I was contacted by a reporter from The Daily Texan regarding SXSW. The Texan included some of my replies in the article: Are SXSW discounted student badges still too expensive?.
Scott Cobb, a 2014 alumnus of the radio-television-film program at UT, said he could never afford a SXSW badge as a student, instead buying $15 entry tickets to see some of the films.
“My most memorable experience with SXSW when I was in college was walking through the crowded convention center wishing I could afford to get into a panel,” Cobb said. “They have so many great panelists each year on film-related topics, and I would have learned a lot, but I never got to attend, so all I learned was how exclusionary for-profit cultural festivals are.”
Students who want to purchase the discounted tickets have to apply through the SXSW website with proof of current school enrollment. This year, student ticket prices are $425 lower than the $800 price of the past.
According to the SXSW 2018 demographics, 6 percent of SXSW attendees came from households that make less than $25,000 a year, while 37 percent came from households making more than $150,000. One percent of attendees were younger than 21, and 6 percent were between the ages of 21 and 24.
A cultural festival such as SXSW that charges $1,650 for a platinum badge, $1,325 for a regular badge and currently almost $400 for a student badge has failed as an organization. The exorbitant SXSW prices are signs of a civilization in decline. They are emblems of a city where culture is reserved for the privileged, where low-income people are unwanted and purposefully excluded by prices only the affluent can afford.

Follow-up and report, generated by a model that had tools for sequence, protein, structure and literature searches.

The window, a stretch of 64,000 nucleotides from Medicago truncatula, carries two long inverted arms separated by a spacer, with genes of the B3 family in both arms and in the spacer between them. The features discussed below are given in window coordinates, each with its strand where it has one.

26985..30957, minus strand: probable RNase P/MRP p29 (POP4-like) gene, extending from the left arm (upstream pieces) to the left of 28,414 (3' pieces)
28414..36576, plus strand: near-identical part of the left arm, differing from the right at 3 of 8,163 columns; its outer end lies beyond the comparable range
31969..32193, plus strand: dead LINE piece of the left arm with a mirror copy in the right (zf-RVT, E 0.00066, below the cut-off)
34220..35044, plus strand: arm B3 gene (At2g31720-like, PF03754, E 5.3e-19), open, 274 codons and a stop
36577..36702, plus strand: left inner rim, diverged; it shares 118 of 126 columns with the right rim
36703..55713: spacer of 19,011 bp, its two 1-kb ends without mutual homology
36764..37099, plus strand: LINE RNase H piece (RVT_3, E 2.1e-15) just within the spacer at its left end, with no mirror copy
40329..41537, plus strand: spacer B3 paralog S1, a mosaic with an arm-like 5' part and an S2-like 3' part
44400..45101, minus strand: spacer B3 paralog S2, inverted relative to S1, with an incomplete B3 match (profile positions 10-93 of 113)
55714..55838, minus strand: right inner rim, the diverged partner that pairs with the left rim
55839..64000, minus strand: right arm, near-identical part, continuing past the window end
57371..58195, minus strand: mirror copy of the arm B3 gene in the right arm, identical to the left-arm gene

SXSW is known as an “Austin Event”, yet students and low income non-students are not able to afford to attend. That says a lot about Austin and it makes me alternatively sad and angry. Only 6 percent of SXSW attendees come from households making less than $25,000, while 37 percent come from households making more than $150,000. The solution to increase diversity is to lower the badge price for anyone earning less than $25,000 to somewhere between free and $50. As a former film student, I can also add that SXSW should also waive all submission fees for short films and all application fees for bands. Get the corporations who are so visible at SXSW advertising this and that new product to cover the lost income from waiving the submission fees. The Cannes Film Festival does not charge filmmakers to submit short films. Austin needs to make affordable access to culture something that Austin is famous for.